It Turns Out Tiny Galaxies Made the Universe Visible

Dwarf galaxies packed a surprisingly energetic punch in the early universe — and gave us all a helluva view.

Image released by NASA on July 11, 2022 shows galaxy cluster SMACS 0723, captured by the James Webb ...
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A few hundred million years after the Big Bang, a thick fog of hydrogen gas shrouded the newborn universe in darkness. Stars had begun to form in the densest clumps, but the surrounding gas muffled their light. According to a new study, the radiation that eventually cleared that dense fog – and made space see-through – came from lots of tiny, unassuming dwarf galaxies. Sorbonne University astrophysicist Hakim Atek and his colleagues published their work in the journal Nature.

In images like this one, JWST’s powerful infrared instruments capture light from some of the oldest and faintest galaxies in the universe.

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Clearing the Cosmic Fog

Atek and his colleagues used JWST and the Hubble Space Telescope to study eight of the faintest, oldest galaxies in the universe. These tiny galaxies are visible, even to JWST’s sensitive instruments, only because their light was magnified by the spacetime-warping gravity of a massive galaxy cluster that lies between them and Earth. Each of these galaxies contains just a few billion stars – somewhere between a hundredth and a tenth the population of our Milky Way – but Atek and his colleagues caught them pumping out a surprising amount of high-energy radiation into the universe.

“The surprise is that these small galaxies produce much more ionizing radiation that what we expected,” Atek tells Inverse – about four times as much, in fact. Ionizing radiation is usually shorter-wavelength radiation like gamma rays and X-rays, which carries enough energy to strip electrons from atoms, turning them into electrically-charged ions. That process is what turned the opaque hydrogen gas that suffused the early universe into transparent electrically-charged plasma.

Physicists have a pretty clear idea of how that process, called the Epoch of Reionization, played out: radiation stripped away electrons from the hydrogen gas that filled the ancient universe, turning it into plasma that light could pass through. The cosmic fog cleared away in patches and bubbles, eventually leaving behind only wisps in an otherwise transparent universe. But until recently, they’ve debated whether all that ionizing radiation came from just a few huge, bright galaxies with actively-feeding supermassive black holes at their centers.

“This is the first evidence that very faint and tiny galaxies are the main drivers of reionization,” says Atek.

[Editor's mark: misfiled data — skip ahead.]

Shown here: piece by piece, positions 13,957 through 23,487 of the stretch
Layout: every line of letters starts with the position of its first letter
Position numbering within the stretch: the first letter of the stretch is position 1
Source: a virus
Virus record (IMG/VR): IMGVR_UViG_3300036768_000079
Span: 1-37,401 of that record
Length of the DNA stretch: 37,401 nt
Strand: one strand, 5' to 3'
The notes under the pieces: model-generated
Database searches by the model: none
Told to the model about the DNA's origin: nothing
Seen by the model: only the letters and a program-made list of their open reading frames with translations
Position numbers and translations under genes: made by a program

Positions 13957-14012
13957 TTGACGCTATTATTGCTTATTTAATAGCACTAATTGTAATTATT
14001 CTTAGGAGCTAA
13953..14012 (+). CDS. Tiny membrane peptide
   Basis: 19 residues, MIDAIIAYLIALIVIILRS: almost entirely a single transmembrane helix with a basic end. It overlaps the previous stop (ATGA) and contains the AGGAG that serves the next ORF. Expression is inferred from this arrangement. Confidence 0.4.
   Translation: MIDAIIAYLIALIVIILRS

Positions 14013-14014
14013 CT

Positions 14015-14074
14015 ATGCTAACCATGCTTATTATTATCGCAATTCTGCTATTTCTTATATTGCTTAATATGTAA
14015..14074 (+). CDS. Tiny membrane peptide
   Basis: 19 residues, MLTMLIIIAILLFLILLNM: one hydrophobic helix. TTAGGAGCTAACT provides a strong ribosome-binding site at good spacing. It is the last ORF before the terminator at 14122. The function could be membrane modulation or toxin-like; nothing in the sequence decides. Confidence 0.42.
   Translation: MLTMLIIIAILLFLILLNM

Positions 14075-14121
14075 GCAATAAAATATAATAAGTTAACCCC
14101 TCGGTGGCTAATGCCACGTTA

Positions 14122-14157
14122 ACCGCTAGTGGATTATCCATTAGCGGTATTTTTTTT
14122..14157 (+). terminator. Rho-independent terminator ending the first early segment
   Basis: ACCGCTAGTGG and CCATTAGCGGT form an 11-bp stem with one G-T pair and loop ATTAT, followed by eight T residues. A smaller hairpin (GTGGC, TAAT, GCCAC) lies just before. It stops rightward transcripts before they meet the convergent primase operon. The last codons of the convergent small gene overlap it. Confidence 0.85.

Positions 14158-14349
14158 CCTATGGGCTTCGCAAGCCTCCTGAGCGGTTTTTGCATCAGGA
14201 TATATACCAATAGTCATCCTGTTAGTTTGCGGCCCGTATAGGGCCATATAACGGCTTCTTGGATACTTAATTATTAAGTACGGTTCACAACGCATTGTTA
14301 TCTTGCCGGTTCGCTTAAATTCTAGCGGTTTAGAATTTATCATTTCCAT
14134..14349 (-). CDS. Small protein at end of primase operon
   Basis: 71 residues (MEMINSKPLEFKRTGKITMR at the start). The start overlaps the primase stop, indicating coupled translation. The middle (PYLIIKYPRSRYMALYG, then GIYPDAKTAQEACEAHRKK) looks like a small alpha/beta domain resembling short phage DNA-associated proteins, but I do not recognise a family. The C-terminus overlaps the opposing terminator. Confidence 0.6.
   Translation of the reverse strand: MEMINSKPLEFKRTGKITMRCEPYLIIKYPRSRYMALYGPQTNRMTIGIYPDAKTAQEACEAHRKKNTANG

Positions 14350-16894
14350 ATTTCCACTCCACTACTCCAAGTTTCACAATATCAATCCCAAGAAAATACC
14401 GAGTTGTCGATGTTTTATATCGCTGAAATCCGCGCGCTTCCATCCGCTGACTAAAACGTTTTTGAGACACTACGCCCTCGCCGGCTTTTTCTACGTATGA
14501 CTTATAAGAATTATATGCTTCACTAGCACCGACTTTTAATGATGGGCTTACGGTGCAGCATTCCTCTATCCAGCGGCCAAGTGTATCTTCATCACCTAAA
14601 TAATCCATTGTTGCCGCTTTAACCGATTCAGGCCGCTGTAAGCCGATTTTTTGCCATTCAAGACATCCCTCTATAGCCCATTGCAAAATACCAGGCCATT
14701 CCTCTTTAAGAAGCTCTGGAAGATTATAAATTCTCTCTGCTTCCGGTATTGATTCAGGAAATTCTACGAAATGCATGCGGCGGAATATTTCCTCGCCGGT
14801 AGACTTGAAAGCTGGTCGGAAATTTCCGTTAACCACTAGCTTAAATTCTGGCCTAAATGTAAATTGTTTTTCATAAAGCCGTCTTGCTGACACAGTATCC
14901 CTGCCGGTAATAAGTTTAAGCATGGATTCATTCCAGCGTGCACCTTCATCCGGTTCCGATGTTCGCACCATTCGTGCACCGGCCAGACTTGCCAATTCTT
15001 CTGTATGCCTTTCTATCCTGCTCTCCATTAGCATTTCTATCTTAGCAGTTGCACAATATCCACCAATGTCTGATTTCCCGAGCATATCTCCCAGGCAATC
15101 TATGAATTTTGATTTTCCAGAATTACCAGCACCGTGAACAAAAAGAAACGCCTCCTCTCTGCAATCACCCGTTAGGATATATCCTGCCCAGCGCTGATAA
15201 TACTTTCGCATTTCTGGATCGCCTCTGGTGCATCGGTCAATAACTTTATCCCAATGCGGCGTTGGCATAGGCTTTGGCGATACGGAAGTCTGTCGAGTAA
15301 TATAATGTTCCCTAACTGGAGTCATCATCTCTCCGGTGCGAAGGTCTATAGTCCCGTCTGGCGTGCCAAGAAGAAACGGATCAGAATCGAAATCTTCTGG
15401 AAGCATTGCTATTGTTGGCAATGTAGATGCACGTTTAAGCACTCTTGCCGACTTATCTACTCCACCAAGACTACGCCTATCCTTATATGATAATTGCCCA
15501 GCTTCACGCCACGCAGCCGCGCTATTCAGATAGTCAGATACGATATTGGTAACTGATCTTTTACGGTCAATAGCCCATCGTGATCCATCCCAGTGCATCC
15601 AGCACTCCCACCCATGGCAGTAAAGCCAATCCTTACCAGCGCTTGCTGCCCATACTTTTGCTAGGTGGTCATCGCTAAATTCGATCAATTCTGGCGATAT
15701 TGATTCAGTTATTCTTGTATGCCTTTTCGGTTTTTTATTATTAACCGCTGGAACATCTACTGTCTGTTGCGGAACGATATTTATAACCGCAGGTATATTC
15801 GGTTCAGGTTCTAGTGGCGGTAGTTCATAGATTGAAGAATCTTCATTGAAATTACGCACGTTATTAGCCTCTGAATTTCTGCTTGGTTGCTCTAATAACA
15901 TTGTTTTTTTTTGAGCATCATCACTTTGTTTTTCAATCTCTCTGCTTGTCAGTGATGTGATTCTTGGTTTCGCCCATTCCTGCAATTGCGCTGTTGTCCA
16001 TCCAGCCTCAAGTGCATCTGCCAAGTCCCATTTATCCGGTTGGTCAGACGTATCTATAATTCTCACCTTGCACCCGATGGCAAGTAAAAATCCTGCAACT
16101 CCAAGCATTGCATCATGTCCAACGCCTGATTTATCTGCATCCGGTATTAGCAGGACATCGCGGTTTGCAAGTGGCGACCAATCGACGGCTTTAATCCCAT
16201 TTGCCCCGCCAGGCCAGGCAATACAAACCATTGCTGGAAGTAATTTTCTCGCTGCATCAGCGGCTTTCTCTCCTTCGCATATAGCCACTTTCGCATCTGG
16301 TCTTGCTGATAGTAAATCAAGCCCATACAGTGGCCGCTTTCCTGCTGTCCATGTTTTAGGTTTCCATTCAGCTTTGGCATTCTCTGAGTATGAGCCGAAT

It turns out that our see-through universe may have been the work of bunches of tiny galaxies, each home to massive young stars. Individually, none of these galaxies is terribly impressive compared to the much rarer large galaxies that sparsely dot early space. But together, Atek and his colleagues say they may have burned brightly enough to end the Cosmic Dark Ages.

Atek and his colleagues measured the amount of ionizing radiation emitted from each of the eight distant dwarf galaxies in their sample. That high-energy radiation had been softened and stretched into infrared light on its journey across the expanding universe, but the physicists were able to calculate what its original energy would have been – and the answer was more than enough to ionize the hydrogen gas that hid the universe from itself for millions of years.

“The source of this ionizing radiation is clearly newborn massive stars, a few million years old,” says Atek.

The Search For The Smallest Galaxy

Science, if it’s done right, involves a lot of double-checking and triple-checking, and Atek and his colleagues say that’s the next step in understanding how the cosmic fog cleared. They want to study other groups of very old, very faint, very small galaxies, located in different patches of sky, to make sure their sample wasn’t just unusually energetic.

Atek says his team plans to use JWST and the gravitational lens of another nearby galaxy cluster to study an even fainter group of galaxies, dating back to the formation of the universe’s very first stars. They hope to answer more questions, not just about reionization but about how galaxies form and grow.

“One of the science goals we are pursuing now is to identify the smallest galaxies that can form in the Universe,” says Atek. “Our models predict that if the galaxy is too small it cannot form stars anymore. This will help us understand how the first galaxies formed.”

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